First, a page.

It is a basic human need to seek something to hold on to in times of flux, times of change or times of crisis. As the end of this century’s second decade approaches, ever more people appear to be looking for ways to insulate themselves against the temptation to think too deeply about the way the world is going. When considering the role which cricket plays in this, it is as well not to overstate its value; it is, after all, just a sport, and one which has often been invested with a little too much moral virtue for its own good. But the fact remains that for its millions of devotees, the act of following the game, whether as player or observer, is something which can act as a conduit for many emotions, feelings and desires. A sense of belonging, of possession, of nostalgia, increasingly of loss, as cricket’s headlong evolution leads it to mutate in ways which many of its disciples don’t like.
There are many different ways of meeting these challenges, and of writing about them.
In 2017 pure nostalgia was provided by Peter Hoare’s recreation of Kent’s 1967 season fifty years on. With his montage of references to cricket and the news of the day, Hoare immersed himself and his readers in a pivotal time in his personal history and that of Kent County Cricket Club. 1967 was the year Hoare first owned a Wisden and visited Lord’s, and it also marked the start of a golden era for Kent cricket. In his post The First of the Great Days (mylifeincricketscorecards.blogspot.co.uk), he evoked the atmosphere of the St. Lawrence Ground during the Gillette Cup semi-final between Kent and Sussex in July 1967, a day which was the start of a special period both for him and his county. For one, it paved the way for eleven trophies in twelve years, for the other it was the gateway to a lifetime’s intoxication with cricket. Not all counties have such times; all true believers in the game do.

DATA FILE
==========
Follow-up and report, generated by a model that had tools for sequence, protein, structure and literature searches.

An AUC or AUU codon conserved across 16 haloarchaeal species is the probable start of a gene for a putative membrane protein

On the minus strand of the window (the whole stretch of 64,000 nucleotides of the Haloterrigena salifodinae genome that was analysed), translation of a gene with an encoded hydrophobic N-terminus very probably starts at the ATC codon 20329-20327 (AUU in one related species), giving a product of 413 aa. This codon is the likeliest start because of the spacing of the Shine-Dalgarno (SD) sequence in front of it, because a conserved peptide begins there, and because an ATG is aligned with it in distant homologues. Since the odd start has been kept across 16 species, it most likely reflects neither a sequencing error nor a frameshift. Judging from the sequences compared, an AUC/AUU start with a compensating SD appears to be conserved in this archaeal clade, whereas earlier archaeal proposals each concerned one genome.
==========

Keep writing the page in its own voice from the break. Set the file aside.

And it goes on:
Cricket’s rich history also offers ballast against the vicissitudes of modern life. This was illustrated well by the brief return to the blogosphere of one of its finest writers, Jon Hotten, The Old Batsman (theoldbatsman.blogspot.co.uk). Hotten’s series of pieces on the psychogeography of cricket evocatively recounted the legendary exploits of David Harris, Silver Billy Beldham and Lord Frederick Beauclerk on the grounds of east Hampshire and west Surrey where he himself learned the game. Hotten both chronicled the game’s history and charted his own small place in it. In uncertain times, these things matter.